Preprint Article Version 1 This version is not peer-reviewed

High-Resolution Integrated Hydrological Modeling of Climate Change Impacts on a Semi-arid Urban Watershed in Niamey, Niger

Version 1 : Received: 23 December 2019 / Approved: 25 December 2019 / Online: 25 December 2019 (03:16:28 CET)

How to cite: Boubacar, A.B.; Moussa, K.; Yalo, N.; Berg, S.J.; Erler, A.R.; Bazié, P.; Hwang, H.; Seidou, O.; Niandou, A.S.; Schimmel, K.; Sudicky, E.A. High-Resolution Integrated Hydrological Modeling of Climate Change Impacts on a Semi-arid Urban Watershed in Niamey, Niger. Preprints 2019, 2019120329 (doi: 10.20944/preprints201912.0329.v1). Boubacar, A.B.; Moussa, K.; Yalo, N.; Berg, S.J.; Erler, A.R.; Bazié, P.; Hwang, H.; Seidou, O.; Niandou, A.S.; Schimmel, K.; Sudicky, E.A. High-Resolution Integrated Hydrological Modeling of Climate Change Impacts on a Semi-arid Urban Watershed in Niamey, Niger. Preprints 2019, 2019120329 (doi: 10.20944/preprints201912.0329.v1).

Abstract

This study evaluated the impact of climate change on water resources in a large semi-arid urban watershed located in Niamey Republic of Niger, West Africa. The watershed was modeled using the fully integrated surface-subsurface HydroGeoSpheremodel at a high spatial resolution. Historical (1980-2005) and projected (2020-2050) climate scenario derived from the outputs of three Regional Climate Models (RCM) under the RCP 4.5 scenario were statistically downscaled using the multiscale quantile mapping bias correction method. Results show that the bias correction method is optimum at daily and monthly scales, and increased RCM resolution does not improve the performance of the model. The three RCMs predict increases of up to 1.6% in annual rainfall and of 1.58°C for mean annual temperatures between the historical and projected periods. The durations of the Minimum Environmental Flow (MEF) conditions, required to supply drinking and agriculture water, were found to be sensitive to changes in runoff resulting from climate change. MEF occurrences and durations are likely to be greater for (2020-2030), and then they will be reduced for (2030-2050). All three RCMs consistently project a rise in groundwater table of more than 10 meters in topographically high zones where the groundwater table is deep and an increase of 2 meters in the shallow groundwater table.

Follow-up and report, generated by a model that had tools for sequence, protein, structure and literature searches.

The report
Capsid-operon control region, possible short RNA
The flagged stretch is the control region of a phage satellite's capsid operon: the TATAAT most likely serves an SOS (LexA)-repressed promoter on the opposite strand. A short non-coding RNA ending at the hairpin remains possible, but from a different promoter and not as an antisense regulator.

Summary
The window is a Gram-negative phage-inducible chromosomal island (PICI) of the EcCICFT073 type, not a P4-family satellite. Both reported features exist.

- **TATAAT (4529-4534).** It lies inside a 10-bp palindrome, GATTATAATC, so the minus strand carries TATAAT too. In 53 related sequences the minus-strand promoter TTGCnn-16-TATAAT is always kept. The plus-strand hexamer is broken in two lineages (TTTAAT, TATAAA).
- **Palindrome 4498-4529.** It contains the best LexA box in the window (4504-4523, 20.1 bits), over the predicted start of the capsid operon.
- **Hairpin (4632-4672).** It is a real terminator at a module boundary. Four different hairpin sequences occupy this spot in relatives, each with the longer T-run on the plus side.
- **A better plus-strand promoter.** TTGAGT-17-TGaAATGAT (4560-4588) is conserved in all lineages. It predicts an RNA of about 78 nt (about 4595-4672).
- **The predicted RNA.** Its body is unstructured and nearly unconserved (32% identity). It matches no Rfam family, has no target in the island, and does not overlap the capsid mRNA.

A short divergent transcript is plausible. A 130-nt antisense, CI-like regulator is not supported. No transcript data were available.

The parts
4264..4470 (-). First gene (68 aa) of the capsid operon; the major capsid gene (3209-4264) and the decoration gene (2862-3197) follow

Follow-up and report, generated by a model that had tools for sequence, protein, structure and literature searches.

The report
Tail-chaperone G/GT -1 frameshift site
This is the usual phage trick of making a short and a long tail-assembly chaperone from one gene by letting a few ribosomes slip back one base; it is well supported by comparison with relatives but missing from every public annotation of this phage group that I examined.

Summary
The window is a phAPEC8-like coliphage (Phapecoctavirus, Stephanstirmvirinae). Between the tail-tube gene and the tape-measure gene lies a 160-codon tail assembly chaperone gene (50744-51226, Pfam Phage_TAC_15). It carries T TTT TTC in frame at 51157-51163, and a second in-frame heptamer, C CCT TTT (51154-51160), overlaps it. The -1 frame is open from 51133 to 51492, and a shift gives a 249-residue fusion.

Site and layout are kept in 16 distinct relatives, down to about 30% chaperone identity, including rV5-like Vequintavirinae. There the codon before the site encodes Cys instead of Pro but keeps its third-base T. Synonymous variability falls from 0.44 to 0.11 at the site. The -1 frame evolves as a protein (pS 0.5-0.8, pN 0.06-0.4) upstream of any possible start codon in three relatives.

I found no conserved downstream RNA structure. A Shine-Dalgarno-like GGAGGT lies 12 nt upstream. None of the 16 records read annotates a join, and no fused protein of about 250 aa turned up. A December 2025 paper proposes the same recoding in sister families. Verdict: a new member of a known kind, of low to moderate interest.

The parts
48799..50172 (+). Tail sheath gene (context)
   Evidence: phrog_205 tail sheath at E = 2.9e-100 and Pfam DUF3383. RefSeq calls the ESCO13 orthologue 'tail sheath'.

Subject Areas

climate change; integrated hydrological model; semi-arid; impacts

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